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Analyst releases new report reviewing California budget

September 14, 2012 |  7:00 am

California reached an unfortunate budget benchmark in June -- for the fourth consecutive fiscal year, the state ended with a deficit.

Now the question is whether California can break that streak with the new budget signed into law by Gov. Jerry Brown.

The Legislative Analyst's Office released a new report on Thursday reviewing much of the state's spending plan.

Brown's budget leaves a nearly $1-billion cushion in case tax revenue dips or the state spends more than expected.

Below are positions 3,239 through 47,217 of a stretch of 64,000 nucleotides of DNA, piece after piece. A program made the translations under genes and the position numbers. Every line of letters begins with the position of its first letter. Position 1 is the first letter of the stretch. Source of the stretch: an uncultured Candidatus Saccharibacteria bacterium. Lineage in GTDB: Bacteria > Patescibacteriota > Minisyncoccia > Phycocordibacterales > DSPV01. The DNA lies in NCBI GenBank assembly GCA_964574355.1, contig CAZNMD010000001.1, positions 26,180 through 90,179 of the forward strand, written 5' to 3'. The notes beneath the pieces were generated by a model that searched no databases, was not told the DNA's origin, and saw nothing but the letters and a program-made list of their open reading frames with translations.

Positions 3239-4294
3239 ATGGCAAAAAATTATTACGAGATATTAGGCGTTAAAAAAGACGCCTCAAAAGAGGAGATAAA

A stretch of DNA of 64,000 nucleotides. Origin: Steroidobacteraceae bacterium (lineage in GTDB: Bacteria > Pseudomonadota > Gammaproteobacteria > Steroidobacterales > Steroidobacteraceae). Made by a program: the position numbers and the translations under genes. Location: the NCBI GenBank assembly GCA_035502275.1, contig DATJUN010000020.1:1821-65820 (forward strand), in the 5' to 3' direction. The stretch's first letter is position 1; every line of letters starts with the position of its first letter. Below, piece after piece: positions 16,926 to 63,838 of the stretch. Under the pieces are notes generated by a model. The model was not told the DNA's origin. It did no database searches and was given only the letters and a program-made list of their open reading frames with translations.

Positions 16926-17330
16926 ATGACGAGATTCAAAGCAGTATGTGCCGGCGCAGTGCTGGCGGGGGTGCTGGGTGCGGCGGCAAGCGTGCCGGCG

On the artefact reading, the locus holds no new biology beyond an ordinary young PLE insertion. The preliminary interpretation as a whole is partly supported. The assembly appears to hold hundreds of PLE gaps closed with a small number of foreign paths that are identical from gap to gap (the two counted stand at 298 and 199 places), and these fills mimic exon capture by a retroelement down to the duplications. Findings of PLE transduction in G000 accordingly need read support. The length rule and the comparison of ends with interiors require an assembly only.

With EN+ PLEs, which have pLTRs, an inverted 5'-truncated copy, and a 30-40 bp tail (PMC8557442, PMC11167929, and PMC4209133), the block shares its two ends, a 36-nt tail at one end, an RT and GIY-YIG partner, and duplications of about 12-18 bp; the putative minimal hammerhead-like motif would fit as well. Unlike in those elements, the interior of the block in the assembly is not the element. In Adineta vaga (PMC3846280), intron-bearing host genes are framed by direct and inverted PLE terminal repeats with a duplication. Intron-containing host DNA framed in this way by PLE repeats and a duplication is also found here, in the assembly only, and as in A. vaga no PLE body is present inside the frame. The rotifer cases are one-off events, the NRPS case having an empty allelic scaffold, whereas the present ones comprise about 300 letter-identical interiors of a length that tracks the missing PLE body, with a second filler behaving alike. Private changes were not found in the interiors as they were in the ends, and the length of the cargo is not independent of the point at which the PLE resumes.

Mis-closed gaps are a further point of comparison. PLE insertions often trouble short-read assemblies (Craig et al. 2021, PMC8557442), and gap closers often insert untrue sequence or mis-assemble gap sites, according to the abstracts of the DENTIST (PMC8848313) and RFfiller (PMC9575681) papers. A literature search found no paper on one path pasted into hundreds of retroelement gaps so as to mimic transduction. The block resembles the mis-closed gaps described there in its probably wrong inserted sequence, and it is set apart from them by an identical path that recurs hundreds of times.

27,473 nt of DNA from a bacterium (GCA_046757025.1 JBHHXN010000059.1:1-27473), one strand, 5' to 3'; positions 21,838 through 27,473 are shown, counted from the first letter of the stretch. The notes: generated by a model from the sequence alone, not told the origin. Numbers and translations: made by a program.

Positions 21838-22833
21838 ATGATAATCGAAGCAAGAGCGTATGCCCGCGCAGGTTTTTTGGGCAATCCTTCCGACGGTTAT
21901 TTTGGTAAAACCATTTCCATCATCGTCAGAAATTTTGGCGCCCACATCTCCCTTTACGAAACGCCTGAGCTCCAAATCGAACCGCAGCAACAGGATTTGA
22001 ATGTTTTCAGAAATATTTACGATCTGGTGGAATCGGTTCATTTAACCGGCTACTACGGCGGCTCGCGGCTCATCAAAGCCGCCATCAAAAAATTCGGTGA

Of course, that won't come close to covering the gap if voters in November reject Brown's push for tax hikes. The governor's plan would raise $8.5 billion by raising the sales tax by a quarter of a cent and increasing levies on the wealthiest.

Without the taxes, almost $5.5 billion would be cut from public schools. 

ALSO:

California's budget plan balanced with risky assumptions

Jerry Brown, Democratic legislative leaders reach budget deal

Jerry Brown signs budget that relies on voter-backed tax hikes

-- Chris Megerian in Sacramento
twitter.com/chrismegerian

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